Good, hard science fiction posits that at some point in the future, near or far, humans will reach a moment when it’s impossible to distinguish in any way between a real experience and the virtual space.
The idea can be clearly seen in the bright colors of the holodeck of Star Trek or in the mind machine interfaces that William Gibson favors for his own novels.
I love video games and science fiction and I am here to tell you that, despite the fact we lack the second and will probably have to wait a few hundred years for the second, there are times when I have trouble distinguishing between the real and the virtual.
I play a lot of Football Manager
each year and I tend to catch some games from the Premier League when I can and I often see information that I can from the live broadcasts seep into the way I play the game.
It also happens the other way around, with the experiences I get managing Liverpool or Swansea fundamentally changing the way I am watching football.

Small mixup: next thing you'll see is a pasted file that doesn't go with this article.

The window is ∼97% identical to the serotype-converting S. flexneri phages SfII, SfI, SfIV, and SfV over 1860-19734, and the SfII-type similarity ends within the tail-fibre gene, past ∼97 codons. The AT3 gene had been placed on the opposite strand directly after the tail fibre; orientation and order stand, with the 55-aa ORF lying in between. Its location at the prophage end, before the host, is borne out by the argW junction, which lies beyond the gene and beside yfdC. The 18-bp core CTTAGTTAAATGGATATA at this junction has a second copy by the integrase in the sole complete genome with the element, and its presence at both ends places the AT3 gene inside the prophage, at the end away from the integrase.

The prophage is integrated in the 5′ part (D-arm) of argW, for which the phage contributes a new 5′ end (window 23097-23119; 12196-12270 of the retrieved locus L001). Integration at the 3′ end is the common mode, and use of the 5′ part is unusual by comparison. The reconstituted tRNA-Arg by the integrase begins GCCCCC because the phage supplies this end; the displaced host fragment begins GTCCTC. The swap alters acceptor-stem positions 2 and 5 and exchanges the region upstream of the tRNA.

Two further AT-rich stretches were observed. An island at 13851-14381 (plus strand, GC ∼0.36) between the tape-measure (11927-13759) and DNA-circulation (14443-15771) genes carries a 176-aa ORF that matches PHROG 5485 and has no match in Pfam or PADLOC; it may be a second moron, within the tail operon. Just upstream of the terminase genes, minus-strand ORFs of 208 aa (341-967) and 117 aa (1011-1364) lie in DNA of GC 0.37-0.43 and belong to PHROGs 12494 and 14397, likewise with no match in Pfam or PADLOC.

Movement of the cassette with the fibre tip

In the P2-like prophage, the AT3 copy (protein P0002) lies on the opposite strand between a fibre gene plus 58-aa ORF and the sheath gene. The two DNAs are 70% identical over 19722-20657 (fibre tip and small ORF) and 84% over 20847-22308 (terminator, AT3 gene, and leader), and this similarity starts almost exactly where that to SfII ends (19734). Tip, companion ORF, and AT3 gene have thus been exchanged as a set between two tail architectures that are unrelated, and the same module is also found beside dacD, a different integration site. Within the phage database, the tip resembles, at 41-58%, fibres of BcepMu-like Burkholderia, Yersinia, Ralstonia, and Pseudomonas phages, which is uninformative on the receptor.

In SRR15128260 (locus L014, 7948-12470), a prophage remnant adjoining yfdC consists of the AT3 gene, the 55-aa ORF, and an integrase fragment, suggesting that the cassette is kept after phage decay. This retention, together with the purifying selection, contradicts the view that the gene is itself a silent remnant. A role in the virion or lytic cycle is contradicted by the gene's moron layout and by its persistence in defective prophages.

There are even moments when I find it hard to remembers whether my impression that Leandro Damiao is a great striker are based on the real or on the virtual world.
Something similar happens when I play Pro Cycling Manager
and watch Le Tour de France, and I have been known to comment on history or on current events through the prism created by Civilization V or by Crusader Kings II.
It’s also interesting to note that this blending of real and virtual almost never happens when playing the sort of violence-driven titles, from God of War to Call of Duty
to Mortal Kombat, because their over-the-top nature is too obvious and there’s no clear link between what they portray and the way the real-world works.
There are moments when I find the virtual and real mix somewhat troubling, but it mostly enhances my life and experiences and would like to see more games and real-world experiences mix.